ISLAMABAD, Oct 22: Barrister Aitzaz Ahsan, the counsel for presidential candidate Justice (retd) Wajihuddin Ahmed, on Monday urged the Supreme Court to seize the historic opportunity and bury the doctrine of necessity to block the way of imposition of martial law forever.
“One army chief is on the exit door while there is no possibility of another stepping in and imposing martial law,” Barrister Ahsan argued before the 11-judge larger bench hearing petitions challenging acceptance of President Pervez Musharraf’s nomination for the presidential polls by the Election Commission.
He said the army would not move in as Pakistan was not Russia where the army had besieged parliament in 1993 using tanks and artillery to support the then president Boris Yeltsin.
“Your decision will be respected in letter and in spirit by the entire world, the attention of which is on Pakistan’s judiciary,” he emphasised.
Sharifuddin Pirzada, the senior counsel representing President Musharraf, told reporters after the hearing that the court was likely to give its verdict next week.
Barrister Ahsan urged the court to exercise its strength while deciding the petitions purely on constitutional grounds as it did by restoring Chief Justice Iftikhar Mohammad Chaudhry on his petition after he had been suspended by President Musharraf on March 9.
“We keep on burying the concept of doctrine of necessity but it keeps haunting us,” Justice Khalilur Rehman Ramday observed when Barrister Ahsan recalled the observation of Justice Javed Iqbal, who while deciding the dual office petitions had said that the court had buried the doctrine of necessity forever.
Justice Iqbal quipped that the court could bury the body of the doctrine but it had no control over its soul.
“The people yearn and aspire for democracy, which lies beneath our skin,” Barrister Ahsan said, adding that this was the moment to scratch the skin. “Do not inhibit yourself from the past history and rescue the nation by giving the decision,” he stressed.“The nation is in a state of civil war and anarchy and this is the time to put the nation back on rail again,” he said, adding that once again the lordships carried the cross.
Aspirations of the people as well as the Constitution both focussed on a single point -- complete revival of democracy in the country, he said.
Quoting from late prime minister Zulfikar Ali Bhutto’s book If I am assassinated, he said India had survived as a union despite several religions, nationalities, dialects and languages because of the din and chaos of democracy.
It was also because their politicians were more tolerant than ours, Justice Chaudhry Ijaz quipped.
But Mr Ahsan recalled the period of late prime minister Indira Gandhi and said despite corruption no agency had ever intervened during the Indian election process. “Look at the ball of steel tied to its ankles by way of an enormous 1.5 billion population but the country is developing and no general has ever interfered,” he said.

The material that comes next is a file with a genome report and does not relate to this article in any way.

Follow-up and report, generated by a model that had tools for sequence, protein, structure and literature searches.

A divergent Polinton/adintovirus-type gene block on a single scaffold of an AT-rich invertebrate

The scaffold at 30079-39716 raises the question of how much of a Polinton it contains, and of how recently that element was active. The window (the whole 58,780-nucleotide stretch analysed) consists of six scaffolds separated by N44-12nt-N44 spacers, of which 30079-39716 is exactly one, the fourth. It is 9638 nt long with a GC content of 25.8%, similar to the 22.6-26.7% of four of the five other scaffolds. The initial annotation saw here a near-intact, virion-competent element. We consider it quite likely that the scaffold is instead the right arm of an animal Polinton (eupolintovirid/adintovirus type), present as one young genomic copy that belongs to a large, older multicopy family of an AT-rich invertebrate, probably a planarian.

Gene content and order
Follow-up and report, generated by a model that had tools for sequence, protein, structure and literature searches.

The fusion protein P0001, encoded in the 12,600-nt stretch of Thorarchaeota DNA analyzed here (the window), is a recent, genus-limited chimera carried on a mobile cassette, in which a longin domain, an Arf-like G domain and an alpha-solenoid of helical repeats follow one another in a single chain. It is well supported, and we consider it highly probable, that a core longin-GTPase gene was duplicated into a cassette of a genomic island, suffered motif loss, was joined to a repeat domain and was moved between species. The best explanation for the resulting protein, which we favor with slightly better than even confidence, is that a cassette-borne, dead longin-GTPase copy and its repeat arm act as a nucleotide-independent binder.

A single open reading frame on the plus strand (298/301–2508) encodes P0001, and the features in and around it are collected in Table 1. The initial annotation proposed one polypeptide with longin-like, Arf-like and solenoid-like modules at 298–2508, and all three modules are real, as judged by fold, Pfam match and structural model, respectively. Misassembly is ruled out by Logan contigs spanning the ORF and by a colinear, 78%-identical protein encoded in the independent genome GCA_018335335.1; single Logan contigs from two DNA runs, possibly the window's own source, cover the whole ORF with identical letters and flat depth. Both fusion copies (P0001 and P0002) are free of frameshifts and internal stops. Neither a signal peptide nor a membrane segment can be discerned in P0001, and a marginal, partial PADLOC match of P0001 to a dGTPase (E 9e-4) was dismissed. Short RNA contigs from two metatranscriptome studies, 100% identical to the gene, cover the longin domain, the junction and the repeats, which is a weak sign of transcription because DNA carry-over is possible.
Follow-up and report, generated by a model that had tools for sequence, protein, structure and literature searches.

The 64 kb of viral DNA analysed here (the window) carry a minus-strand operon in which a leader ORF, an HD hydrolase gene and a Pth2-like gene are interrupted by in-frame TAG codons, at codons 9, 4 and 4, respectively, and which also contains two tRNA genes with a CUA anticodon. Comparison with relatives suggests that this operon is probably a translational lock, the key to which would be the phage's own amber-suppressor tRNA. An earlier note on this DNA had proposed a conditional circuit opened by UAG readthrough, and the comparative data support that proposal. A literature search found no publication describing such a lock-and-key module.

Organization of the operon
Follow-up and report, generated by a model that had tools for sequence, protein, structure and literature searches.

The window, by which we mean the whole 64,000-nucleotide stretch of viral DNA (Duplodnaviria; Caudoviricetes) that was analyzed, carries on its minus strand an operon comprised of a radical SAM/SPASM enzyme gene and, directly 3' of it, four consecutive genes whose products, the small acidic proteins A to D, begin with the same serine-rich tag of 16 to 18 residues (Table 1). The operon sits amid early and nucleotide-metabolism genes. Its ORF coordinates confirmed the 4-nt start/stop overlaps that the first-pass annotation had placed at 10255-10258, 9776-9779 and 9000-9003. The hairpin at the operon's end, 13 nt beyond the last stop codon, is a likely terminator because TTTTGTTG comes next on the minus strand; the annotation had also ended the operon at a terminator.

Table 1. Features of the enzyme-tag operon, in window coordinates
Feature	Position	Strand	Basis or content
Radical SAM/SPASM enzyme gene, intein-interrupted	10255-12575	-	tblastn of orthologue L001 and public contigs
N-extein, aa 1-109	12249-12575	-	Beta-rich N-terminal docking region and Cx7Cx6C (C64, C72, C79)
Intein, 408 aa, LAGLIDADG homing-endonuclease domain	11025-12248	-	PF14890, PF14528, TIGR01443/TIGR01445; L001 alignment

But their politicians had also never invited the generals, Justice Iqbal said.
The generals should also leave if they came on invitation, Mr Ahsan said. When the counsel was again asked by the court about the ideal way out when President Musharraf had announced that he would hang up his military uniform after his election for another five-year term, Barrister Ahsan said an excellent way out would be that after Nov 16, the president should play golf with his colleagues and allow Senate Chairman Mohammadmian Soomro to take over as president and hold elections, as was done by Ghulam Ishaq Khan. The theory of giving safe passage to President Musharraf was based on a wrong concept that the country was passing through a transition phase towards democracy, he said.
“For the past 60 years we have been transitioning towards democracy,” he said, adding that the transition phase was when the Supreme Court had given three years to Gen Musharraf while deciding Zafar Ali Shah’s petition by validating his takeover.
Referring to Articles 243 (command of armed forces), 244 (oath of armed forces) and 245 (functions of the armed forces) of the Constitution, Mr Ahsan said the principle which those provisions drew was that the oath of the personnel of the armed forces required them to desist from political activities. Their oath also required that they would defend the country from external aggression under the direction of the federal government.
Moreover, the armed forces had to act in aid of civil power when called upon to do so in accordance with the law. They could not come unsolicited or come to subvert or dominate the civil power.He stressed that Pakistan was the only country which provided oath in the Constitution for members of its armed forces. “Having handed over guns to its sons, the state then created impediments in their way to protect it,” he said, adding that the guns were meant for the enemy or to be used only in aid of civil power.